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Earth, Mars and CO2

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posted on Dec, 21 2009 @ 09:21 PM
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I was just reading that on Mars in summer it is +30°C, yet its atmosphere is:

23.75 teratons of CO2 (Wikipedia state 95% of its atmosphere is CO2)

compared to Earths 180.18 teratons of CO2 (0.038%).

Mars gets 43% of the energy from the Sun that Earth does.

In summary: We have more than 7.5 times as much CO2 in the atmosphere than Mars and receive 2.32 times more energy, yet we are no hotter for it??


Put another way - put us at the distance of Mars, and watch how this planet will freeze.

[edit on 21-12-2009 by mirageofdeceit]




posted on Dec, 21 2009 @ 09:35 PM
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Interesting....is that +30*C during the Martian day?

If so, what does it drop to at night in the summer time?



posted on Dec, 21 2009 @ 09:43 PM
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-37°C at night in summer.

Second line.



posted on Dec, 21 2009 @ 10:27 PM
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TA DA!

You have managed to find the blindingly obvious science that most of the worlds governments over look.

Such as Water vapor is a bigger greenhouse gas than CO2.

Have a watch of this, though it might not be 100% right it offers some interesting ideas on how data is processed and people will change the world around them to prove a point.



posted on Dec, 21 2009 @ 10:34 PM
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Originally posted by mirageofdeceit

Put another way - put us at the distance of Mars, and watch how this planet will freeze.


Not unless you took away 99% of our atmosphere in the process. That's why it gets so cold at night on Mars. The heat capacity of its atmosphere is very low because there really isn't very much of it.

[edit on 12/21/2009 by Phage]



posted on Dec, 21 2009 @ 10:38 PM
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Originally posted by mirageofdeceit
I was just reading that on Mars in summer it is +30°C, yet its atmosphere is:

23.75 teratons of CO2 (Wikipedia state 95% of its atmosphere is CO2)

compared to Earths 180.18 teratons of CO2 (0.038%).

Mars gets 43% of the energy from the Sun that Earth does.

In summary: We have more than 7.5 times as much CO2 in the atmosphere than Mars and receive 2.32 times more energy, yet we are no hotter for it??


Put another way - put us at the distance of Mars, and watch how this planet will freeze.

[edit on 21-12-2009 by mirageofdeceit]


Well, yes of course we would "freeze", seeing as how we would be farther from the Sun and thus receive less energy from it...about 2.5 times less...your premise is a little faulty.

And only the equatorial regions in the Summer time can have peak temperatures as stated in your OP, but that has nothing to do with the atmosphere. It has everything to do with the lack of atmosphere.

The Martian atmosphere is only .1% of Earth's. It has no "jacket" to protect itself from solar bombardment, so the temperature fluctuations that you see are not due to CO2, but rather solar radiation pounding the surface of the planet.

And you didn't clear up the little "detail" in your temperatures that those are maximums, not averages. Earth's average temperature is 13-14 Celsius, and the Martian average is -55 Celsius.

Also, for your theory on CO2 to be valid, there would have to be a similar, negligible effect on Venus. Venus' atmosphere is primarily CO2, and its atmosphere is so thick that hardly any solar energy reaches the planet...but interestingly enough, Venus is one of the hottest objects in the solar system.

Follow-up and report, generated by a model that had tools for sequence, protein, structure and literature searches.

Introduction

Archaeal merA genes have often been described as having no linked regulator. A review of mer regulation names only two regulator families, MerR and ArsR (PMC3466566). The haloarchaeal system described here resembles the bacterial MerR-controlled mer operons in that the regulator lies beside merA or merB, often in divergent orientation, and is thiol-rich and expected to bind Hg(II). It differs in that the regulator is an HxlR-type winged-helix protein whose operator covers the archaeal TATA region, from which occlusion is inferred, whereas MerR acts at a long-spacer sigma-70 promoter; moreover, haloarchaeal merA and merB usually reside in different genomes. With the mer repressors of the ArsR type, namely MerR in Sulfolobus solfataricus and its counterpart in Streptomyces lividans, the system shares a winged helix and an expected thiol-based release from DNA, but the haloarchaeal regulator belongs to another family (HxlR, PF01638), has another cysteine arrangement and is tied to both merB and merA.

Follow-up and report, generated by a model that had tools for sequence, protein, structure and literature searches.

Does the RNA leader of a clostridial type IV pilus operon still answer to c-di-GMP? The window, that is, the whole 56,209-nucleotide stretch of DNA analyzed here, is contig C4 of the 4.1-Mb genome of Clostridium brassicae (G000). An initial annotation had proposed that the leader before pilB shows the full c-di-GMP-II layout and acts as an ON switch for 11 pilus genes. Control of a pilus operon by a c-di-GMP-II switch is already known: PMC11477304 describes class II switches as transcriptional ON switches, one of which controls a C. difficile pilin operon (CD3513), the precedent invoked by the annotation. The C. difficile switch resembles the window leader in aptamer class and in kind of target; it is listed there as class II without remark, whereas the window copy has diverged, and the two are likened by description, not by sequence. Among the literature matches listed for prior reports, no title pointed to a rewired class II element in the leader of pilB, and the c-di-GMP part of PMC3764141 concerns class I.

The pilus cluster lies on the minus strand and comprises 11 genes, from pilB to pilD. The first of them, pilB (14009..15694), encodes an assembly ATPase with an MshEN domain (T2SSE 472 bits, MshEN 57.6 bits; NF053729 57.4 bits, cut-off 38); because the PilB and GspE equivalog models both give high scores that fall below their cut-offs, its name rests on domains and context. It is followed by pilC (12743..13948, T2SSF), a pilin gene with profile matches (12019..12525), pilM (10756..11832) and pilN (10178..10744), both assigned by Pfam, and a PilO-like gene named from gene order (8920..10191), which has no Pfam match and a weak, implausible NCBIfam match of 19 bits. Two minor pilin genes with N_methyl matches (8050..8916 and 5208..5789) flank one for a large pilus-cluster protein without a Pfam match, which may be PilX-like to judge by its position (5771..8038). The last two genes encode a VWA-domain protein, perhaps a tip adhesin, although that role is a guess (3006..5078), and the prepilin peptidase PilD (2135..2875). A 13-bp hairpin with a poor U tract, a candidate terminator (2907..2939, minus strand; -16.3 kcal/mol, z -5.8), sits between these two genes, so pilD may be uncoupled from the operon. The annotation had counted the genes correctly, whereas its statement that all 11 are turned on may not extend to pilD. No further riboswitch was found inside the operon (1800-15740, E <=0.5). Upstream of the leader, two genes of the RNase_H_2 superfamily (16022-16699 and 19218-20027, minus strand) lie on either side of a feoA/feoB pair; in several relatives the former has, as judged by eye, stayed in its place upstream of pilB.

posted on Dec, 21 2009 @ 11:35 PM
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reply to post by Avenginggecko
 


...which no one has been able to account for, as venus should logically only be about 90 degrees hotter than earth.



posted on Dec, 22 2009 @ 12:04 AM
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reply to post by vyrox
 


Ermm...no. Venus should not "logically be" 90 degrees warmer than the Earth. Its atmosphere is so thick and dense with CO2 that it has caused a "runaway" greenhouse effect that effectively made the planet an inferno. What we don't know is why the planet stopped regulating its own CO2 levels and allowed them to build up in the atmosphere instead of being reabsorbed through carbon sinks. Just because solar radiation is mitigated by the atmosphere doesn't mean that whatever gets through dissipates at an equal rate.

Look at it this way: 10 bits of solar energy hit Venus every day. Two bits make it through to the planet and the rest bounce off. .5 bits of energy dissipate naturally, but due to the CO2, 1.5 bits are kept within the planet and bounce around as heat. The next day, 10 more bits hit, 2 make it through, .5 bounces off, and 1.5 stays. Now you have 3 bits of solar energy in the planet as opposed to yesterday's 1.5. That's extremely simplified but basically how it works.



posted on Dec, 25 2009 @ 10:27 PM
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You missed the point about the Earth freezing if it were to be at the same distance as Mars.

Earth wouldn't get warm in the first place, making most areas sub-zero even in Summer. As it is, maximums are only hitting +50°C in the desert.

7.5 times more atmospheric CO2, 2.5 times the energy - where is the bit of the equation to mean we do not get any hotter than we do?

Why is it that for the last decade, my area has failed to get close to the highs seen in 1998?

Why is it that instead of posting ever higher record highs, is it that places are currently recording record lows?

CO2 rises unabated, yet temperatures are getting LOWER?



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